Los Angeles faced the Cardinals in 2013 and the Cubs in '16, losing both series in six games. The circumstances are undeniably different this time, thanks largely to their sweep of the D-backs in the NL Division Series presented by T-Mobile.
For the first time in their run of five consecutive division titles, the Dodgers will enter the NLCS presented by Camping World with the ability to set their rotation just how they like it. Unlike previous postseasons, Clayton Kershaw will not be coming off a short-rest start. Thus, unlike previous postseasons, the Dodgers won't be scrambling to find a Game 1 starter.
"Being able to set your rotation, not having to travel the first two games of the series, I think they're huge advantages," said Dodgers skipper Dave Roberts. "That's the byproduct of having the season that we had."
Roberts, who appears to be deciding between Yu Darvish and Rich Hill for Sunday's Game 2 start, actually hasn't set his rotation yet. But that's beside the point. This time, Roberts gets to make the choice. His hand wasn't forced by a long Division Series or a Kershaw short-rest start.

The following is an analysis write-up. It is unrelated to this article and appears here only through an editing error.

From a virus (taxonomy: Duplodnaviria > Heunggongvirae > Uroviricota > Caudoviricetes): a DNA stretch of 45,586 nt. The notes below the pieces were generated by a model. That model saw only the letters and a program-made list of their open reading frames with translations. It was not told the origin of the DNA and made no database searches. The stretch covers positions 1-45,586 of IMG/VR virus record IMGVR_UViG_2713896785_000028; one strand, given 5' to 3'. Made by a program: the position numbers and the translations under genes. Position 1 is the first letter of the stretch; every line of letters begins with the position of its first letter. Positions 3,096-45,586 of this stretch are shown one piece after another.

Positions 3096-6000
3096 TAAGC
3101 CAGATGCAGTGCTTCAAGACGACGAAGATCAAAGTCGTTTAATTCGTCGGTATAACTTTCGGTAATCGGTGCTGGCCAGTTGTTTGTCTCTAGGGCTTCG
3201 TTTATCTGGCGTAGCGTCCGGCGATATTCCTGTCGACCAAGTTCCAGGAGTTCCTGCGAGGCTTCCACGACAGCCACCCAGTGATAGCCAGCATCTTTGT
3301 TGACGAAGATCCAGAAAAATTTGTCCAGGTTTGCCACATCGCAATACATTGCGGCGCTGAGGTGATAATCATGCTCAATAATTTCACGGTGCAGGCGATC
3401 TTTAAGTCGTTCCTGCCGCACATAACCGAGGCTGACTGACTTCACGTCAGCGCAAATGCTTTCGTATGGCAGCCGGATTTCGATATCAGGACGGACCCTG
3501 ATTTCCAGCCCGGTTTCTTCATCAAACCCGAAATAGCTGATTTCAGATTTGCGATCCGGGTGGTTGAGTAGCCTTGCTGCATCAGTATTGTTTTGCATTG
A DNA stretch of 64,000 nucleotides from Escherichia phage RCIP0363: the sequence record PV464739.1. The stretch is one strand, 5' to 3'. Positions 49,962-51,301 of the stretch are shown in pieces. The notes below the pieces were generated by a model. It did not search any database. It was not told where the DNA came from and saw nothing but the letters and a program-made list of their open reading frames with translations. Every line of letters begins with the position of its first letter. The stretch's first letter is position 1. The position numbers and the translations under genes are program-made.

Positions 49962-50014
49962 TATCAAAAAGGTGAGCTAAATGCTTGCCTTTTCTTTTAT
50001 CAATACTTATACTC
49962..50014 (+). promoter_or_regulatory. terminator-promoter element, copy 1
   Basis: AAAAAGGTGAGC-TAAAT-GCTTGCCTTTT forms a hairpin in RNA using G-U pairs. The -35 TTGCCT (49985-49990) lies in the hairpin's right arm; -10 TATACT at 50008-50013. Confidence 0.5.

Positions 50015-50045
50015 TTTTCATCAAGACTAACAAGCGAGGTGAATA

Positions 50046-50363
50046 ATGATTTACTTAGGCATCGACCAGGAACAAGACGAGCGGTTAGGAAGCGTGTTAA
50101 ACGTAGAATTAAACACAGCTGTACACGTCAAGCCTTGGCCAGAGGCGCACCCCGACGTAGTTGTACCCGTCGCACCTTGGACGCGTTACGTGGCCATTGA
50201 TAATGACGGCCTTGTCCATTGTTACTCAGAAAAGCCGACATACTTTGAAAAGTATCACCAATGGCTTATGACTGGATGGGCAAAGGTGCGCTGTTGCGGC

A year ago, Kershaw pitched five times in a 16-day span. For all the talk about Kershaw's postseason struggles -- specifically in the seventh inning -- his skipper chalked at least some of that up to fatigue.
"I haven't dug into every single seventh inning that he's had," Roberts said. "But I think some of it has been on the short rest. It has gotten him in the seventh."
Roberts hasn't ruled out using Kershaw on short rest as the postseason progresses. But it helps that he hasn't had to play that card yet. The side effects of short-rest starts often linger beyond just the next start.
"The biggest thing is that we have the opportunity to set things up the way we want to," said Hill. "Obviously, having home-field advantage is huge. That's something we're going to take advantage of and use to our benefit."
Added Kershaw: "It can't be a bad thing [that we can set our rotation]. It's definitely a good thing for us."
They would know.
A year ago, Kershaw started Game 4 of the NLDS, then came out of the bullpen in Game 5, with Hill starting that game. Neither pitcher was available in Game 1 of the NLCS against the Cubs, which the Dodgers lost after four innings of three-run ball from Kenta Maeda. Instantly, they found themselves playing from behind.
This year, the roles will be reversed, especially after the Cubs burned through seven pitchers in their Game 5 win over the Nationals on Thursday.
So before the NLCS even begins, the Dodgers already have the pitching edge.
"To be at home, watching games, seeing how things play out, we're in a pretty good place," Roberts said.
AJ Cassavell is in his seventh season as a reporter for MLB.com. Follow him on Twitter @ajcassavell. This story was not subject to the approval of Major League Baseball or its clubs.